We can think through the severe limitations the conditions of care impose on what we can know about particular patients or clients, so that we’re less likely to offer things no one knows, or could possibly know, in the clinical setting. Philosophers are probably better than anyone else at analyzing what can and can’t be known under various conditions.

We can do all this from a position of humility, not authority. We can be honest with patients and clients rather than passing on our interpretations, instructions, and advice as if they were deliverances of Truth.

Recognizing the weak knowledge base of mental health care doesn’t have to be the occasion for despair. We can distinguish better from worse thinking even where we lack strong conclusions. We can distinguish the more likely from the improbable, the rash from the judicious, even when we’re not sure how a line of inquiry will play out.

As this blog goes forward, I will invite you to share with me the effort to do just that. I invite you to join me in the effort to think about care with care—to think carefully.

14 COMMENTS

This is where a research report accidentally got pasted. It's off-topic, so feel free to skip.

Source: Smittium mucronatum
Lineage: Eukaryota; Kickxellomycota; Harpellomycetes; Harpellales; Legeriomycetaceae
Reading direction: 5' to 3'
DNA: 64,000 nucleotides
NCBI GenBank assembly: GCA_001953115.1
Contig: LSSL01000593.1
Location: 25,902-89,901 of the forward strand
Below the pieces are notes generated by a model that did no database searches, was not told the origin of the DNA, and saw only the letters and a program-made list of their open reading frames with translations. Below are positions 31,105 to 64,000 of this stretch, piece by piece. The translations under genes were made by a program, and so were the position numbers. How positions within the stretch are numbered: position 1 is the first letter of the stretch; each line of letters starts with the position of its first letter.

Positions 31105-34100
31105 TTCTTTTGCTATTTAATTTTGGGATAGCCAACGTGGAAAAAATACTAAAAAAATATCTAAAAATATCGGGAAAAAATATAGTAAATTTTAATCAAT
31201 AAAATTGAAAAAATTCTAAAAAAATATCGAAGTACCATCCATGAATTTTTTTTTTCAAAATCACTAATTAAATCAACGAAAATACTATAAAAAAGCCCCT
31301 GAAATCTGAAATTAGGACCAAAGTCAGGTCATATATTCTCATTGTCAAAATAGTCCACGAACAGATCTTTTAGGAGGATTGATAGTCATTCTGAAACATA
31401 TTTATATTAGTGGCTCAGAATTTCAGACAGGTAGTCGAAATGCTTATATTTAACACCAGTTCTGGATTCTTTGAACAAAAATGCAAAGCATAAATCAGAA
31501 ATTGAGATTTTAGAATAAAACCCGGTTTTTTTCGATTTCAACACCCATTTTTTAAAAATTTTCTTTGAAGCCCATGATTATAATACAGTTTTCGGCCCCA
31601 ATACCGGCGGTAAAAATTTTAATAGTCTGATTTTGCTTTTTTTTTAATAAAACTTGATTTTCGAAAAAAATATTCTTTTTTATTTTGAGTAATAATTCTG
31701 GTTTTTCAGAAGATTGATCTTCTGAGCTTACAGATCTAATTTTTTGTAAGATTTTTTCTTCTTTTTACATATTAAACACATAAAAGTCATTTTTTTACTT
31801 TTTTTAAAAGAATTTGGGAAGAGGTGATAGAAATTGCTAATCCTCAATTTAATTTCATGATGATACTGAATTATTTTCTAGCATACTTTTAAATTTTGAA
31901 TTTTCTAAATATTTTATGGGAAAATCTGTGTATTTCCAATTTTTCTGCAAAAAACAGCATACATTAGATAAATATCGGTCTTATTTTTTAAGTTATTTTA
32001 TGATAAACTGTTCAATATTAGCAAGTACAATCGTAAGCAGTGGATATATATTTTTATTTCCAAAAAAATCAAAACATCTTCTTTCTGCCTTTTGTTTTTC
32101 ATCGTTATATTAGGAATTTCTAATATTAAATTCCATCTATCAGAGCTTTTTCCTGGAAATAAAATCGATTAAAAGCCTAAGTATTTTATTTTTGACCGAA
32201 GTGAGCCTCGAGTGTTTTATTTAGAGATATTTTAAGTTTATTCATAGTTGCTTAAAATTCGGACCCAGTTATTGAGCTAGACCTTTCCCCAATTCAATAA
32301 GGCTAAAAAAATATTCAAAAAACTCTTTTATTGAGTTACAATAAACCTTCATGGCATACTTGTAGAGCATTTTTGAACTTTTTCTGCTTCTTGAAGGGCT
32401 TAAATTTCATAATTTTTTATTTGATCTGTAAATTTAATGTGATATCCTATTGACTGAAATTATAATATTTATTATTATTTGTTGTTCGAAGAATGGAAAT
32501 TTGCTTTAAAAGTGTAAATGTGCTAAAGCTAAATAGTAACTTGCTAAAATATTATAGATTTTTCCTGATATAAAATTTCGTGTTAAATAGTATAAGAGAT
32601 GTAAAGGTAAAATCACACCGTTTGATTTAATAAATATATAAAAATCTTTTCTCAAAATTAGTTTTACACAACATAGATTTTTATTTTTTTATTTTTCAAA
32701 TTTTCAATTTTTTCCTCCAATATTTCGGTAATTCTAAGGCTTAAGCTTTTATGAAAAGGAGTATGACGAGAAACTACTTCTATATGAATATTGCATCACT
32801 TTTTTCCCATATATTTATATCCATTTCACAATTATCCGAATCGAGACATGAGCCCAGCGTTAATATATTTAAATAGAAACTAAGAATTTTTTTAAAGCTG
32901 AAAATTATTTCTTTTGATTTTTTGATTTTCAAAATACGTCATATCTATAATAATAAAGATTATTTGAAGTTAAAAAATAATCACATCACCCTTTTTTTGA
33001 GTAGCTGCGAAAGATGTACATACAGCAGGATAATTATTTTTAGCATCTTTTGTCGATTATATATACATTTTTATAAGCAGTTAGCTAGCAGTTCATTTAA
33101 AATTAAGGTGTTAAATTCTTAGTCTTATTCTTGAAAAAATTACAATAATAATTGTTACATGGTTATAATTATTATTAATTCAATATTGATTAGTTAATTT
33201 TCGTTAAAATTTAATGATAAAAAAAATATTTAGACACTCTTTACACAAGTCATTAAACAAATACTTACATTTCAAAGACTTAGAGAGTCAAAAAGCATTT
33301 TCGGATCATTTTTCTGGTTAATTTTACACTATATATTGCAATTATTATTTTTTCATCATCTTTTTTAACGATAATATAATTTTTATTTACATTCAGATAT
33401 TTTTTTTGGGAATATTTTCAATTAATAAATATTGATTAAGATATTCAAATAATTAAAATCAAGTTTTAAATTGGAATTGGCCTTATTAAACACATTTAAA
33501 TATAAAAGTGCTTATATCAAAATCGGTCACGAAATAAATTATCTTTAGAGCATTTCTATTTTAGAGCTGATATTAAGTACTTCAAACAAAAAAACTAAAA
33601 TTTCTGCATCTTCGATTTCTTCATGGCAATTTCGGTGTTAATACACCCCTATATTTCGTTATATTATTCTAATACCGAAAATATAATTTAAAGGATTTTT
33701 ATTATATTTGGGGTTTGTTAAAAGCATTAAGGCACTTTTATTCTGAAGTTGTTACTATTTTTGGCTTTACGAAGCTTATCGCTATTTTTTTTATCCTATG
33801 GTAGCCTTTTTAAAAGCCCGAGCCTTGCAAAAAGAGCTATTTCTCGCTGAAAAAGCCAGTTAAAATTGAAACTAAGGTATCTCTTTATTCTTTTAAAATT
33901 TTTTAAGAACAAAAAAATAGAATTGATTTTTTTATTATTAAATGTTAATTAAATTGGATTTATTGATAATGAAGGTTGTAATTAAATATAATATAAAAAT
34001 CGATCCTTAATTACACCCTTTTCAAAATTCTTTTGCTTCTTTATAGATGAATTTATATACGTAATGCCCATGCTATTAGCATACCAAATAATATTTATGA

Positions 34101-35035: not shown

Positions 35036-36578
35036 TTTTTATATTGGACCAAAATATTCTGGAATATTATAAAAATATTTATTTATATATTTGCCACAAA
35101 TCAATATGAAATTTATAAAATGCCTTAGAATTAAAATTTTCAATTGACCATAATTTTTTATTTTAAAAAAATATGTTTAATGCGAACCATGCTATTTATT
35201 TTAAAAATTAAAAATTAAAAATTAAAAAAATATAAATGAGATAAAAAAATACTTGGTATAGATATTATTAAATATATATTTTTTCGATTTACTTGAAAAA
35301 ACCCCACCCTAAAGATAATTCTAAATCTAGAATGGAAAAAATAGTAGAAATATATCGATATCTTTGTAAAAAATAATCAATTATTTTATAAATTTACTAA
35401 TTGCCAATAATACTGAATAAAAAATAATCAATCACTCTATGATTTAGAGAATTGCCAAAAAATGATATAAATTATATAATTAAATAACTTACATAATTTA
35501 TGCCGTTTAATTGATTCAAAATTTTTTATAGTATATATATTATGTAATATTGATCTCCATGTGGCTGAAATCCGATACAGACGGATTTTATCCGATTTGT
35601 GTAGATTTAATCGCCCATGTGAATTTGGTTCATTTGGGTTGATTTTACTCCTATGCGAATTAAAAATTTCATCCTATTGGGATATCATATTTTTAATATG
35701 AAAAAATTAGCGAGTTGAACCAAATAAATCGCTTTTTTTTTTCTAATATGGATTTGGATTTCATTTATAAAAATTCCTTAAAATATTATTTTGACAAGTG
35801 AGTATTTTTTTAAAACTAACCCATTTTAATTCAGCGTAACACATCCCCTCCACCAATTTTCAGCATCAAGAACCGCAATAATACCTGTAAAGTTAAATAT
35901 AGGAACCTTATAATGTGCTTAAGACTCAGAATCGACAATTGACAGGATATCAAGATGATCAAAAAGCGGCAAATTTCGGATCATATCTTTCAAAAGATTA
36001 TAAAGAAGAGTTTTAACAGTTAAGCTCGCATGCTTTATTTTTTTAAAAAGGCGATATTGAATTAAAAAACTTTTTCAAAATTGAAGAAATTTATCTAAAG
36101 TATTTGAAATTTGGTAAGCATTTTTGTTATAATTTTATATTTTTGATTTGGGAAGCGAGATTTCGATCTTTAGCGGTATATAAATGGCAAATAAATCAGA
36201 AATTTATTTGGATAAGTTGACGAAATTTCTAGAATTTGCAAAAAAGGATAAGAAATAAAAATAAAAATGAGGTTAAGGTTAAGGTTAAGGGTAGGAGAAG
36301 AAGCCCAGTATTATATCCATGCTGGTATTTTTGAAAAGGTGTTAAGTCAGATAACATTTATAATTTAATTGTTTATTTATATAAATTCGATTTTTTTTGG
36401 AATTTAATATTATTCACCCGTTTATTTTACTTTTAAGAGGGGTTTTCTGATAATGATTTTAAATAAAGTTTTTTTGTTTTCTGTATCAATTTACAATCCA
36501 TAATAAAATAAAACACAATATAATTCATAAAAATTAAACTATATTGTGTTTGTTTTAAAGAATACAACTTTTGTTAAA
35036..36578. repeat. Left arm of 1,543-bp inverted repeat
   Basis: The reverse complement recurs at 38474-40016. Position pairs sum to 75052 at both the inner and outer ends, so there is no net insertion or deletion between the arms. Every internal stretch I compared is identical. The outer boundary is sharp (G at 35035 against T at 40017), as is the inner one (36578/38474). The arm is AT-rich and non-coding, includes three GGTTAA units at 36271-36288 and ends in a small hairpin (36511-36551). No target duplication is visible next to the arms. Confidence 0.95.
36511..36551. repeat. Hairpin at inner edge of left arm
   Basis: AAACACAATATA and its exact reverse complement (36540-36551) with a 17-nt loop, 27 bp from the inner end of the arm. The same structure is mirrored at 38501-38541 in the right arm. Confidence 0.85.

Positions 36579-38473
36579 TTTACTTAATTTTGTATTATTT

1. “For now consider this: CBT research almost never looks at the side effects of treatment. We do not even know what kind of effects, beyond manipulation of moods, CBT has on how people live. Completely ignoring the unintended consequences of one’s work would be considered bad science in any other realm of health care.”

    Are you kidding me? Seriously? We are to treat talk therapy as being capable of producing side effects like drug treatment? Maybe CBT can cause movement disorders? Diabetes? Brain damage? Suicide? Uh oh, I sure do hope that those talk therapists start studying the side effects of their treatment before too long.

    Is this what it has come to? Psychiatrists defending themselves by paralleling the harm they cause to that of non-biological therapists?

  2. “We get up in arms about the side effects of medications, but we don’t seem to care that CBT doesn’t study its side effects at all.”

    Seriously, are you saying that a non-biological treatment could INDUCE side effects? It’s TALK THERAPY! It doesn’t intrude on the body and make any changes at all! To have a side effect from CBT would be no different then the “side effects” of talking to a spouse or going for a walk. Can you really compare a drug that alters, sometimes permanently so, the functioning of the brain to that of talking therapy?